Argued: May 5, 2016
Office of Joshua L. Gordon, of Concord (Joshua L. Gordon on
the brief and orally), for the petitioner.
Cronin, Bisson & Zalinsky, P.C., of Manchester (Mark E.
Connelly, Daniel D. Muller, Jr. and Ashley B. Scott on the
brief, and Mr. Muller orally), for the respondent.
Gallagher, Callahan & Gartrell, P.C., of Concord (W. John
Funk and Robert J. Dietel on the brief), for Cooperative
Credit Union Association, Inc.; Mortgage Bankers and Brokers
Association of New Hampshire, Inc.; and New Hampshire Bankers
Association, as amici curiae.
petitioner, New Hampshire Housing Finance Authority (NHHFA),
appeals a decision of the Superior Court (Nicolosi,
J.) granting summary judgment in favor of the respondent,
Pinewood Estates Condominium Association (Pinewood), and
awarding attorney's fees to Pinewood. The trial court
ruled that, pursuant to Pinewood's condominium
declaration, NHHFA was responsible for paying condominium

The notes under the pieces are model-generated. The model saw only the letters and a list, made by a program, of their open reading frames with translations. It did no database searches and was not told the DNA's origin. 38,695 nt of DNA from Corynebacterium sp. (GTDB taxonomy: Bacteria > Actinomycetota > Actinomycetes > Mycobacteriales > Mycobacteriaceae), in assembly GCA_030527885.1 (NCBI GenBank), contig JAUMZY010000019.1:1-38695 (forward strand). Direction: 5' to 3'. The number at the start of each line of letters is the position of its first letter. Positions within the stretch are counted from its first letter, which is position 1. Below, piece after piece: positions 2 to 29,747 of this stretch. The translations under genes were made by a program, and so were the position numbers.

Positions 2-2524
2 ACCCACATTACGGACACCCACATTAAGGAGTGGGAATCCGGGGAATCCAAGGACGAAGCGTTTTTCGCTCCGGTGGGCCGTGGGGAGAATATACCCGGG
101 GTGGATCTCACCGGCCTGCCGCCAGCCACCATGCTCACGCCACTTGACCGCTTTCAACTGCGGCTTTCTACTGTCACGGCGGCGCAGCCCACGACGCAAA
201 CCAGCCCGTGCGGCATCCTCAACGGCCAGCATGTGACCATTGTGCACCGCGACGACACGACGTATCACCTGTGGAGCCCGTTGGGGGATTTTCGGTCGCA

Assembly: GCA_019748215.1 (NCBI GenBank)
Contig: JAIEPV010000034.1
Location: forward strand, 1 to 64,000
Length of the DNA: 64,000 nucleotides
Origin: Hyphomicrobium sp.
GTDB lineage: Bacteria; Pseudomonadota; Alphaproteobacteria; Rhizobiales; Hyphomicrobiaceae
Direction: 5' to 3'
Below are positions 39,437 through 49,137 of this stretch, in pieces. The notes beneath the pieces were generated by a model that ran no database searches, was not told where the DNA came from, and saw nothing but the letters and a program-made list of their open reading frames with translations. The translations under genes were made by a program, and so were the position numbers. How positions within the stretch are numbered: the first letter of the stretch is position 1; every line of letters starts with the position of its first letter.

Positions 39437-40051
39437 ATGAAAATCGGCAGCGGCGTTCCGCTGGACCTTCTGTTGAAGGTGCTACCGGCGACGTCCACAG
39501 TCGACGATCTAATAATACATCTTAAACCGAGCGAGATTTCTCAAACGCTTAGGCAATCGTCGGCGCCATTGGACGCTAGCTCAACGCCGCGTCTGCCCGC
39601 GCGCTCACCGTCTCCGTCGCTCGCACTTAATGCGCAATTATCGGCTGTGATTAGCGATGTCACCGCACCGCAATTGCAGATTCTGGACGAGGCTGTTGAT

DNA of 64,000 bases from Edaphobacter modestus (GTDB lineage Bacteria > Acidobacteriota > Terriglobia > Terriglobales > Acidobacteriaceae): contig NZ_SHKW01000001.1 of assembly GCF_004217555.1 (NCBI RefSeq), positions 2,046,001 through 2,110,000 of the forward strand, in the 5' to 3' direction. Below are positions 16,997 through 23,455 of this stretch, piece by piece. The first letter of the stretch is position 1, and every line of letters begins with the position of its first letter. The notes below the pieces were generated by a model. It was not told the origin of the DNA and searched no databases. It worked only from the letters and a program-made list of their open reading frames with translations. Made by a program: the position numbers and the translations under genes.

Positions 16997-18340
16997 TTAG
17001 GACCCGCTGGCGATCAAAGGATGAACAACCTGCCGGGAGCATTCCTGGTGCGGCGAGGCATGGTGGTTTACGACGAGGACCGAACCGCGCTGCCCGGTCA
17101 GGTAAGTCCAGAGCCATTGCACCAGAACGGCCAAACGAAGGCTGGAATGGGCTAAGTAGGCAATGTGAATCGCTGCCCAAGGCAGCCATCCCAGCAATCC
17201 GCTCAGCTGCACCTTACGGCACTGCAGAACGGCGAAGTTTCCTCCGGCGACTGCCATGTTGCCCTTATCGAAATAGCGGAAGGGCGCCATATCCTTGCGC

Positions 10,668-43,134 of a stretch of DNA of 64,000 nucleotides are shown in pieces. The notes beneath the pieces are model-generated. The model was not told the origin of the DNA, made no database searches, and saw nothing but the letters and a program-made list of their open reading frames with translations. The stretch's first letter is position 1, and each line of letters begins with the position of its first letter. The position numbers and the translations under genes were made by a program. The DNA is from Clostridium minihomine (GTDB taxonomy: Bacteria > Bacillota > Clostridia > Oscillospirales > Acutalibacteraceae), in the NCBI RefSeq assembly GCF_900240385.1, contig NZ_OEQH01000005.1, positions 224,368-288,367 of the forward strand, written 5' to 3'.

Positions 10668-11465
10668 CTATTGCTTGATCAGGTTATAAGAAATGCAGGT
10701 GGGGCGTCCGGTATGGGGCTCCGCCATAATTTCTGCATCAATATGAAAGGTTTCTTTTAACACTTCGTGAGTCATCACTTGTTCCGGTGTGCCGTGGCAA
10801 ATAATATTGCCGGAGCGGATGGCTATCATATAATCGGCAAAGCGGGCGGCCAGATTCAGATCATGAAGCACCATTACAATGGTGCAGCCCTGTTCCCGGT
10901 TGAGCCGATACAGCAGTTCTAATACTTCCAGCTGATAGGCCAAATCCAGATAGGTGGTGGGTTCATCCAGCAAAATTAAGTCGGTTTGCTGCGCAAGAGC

assessments that were accrued by the previous owner of a unit
NHHFA purchased at a foreclosure sale, and that Pinewood was
not obligated to provide common services to the unit until
all assessments were paid. Because we conclude that the
Condominium Act, RSA chapter 356-B (2009 & Supp. 2015),
operates to bar Pinewood's claim for unpaid
pre-foreclosure condominium assessments, we reverse and
summary judgment record supports the following facts. In
2005, Patricia Rugg purchased a unit in Pinewood's
condominium complex in Manchester. Rugg granted a mortgage
for the unit to a local bank, and the bank subsequently
assigned the mortgage to NHHFA. Rugg died in May 2011. The
assessments on Rugg's condominium went unpaid after her
2012, Pinewood sent a letter to Rugg informing her that she
owed $1, 375 in past-due assessments and attorney's fees.
In August, Pinewood notified Rugg's estate and NHHFA, as
the first mortgagee, that the unit's common services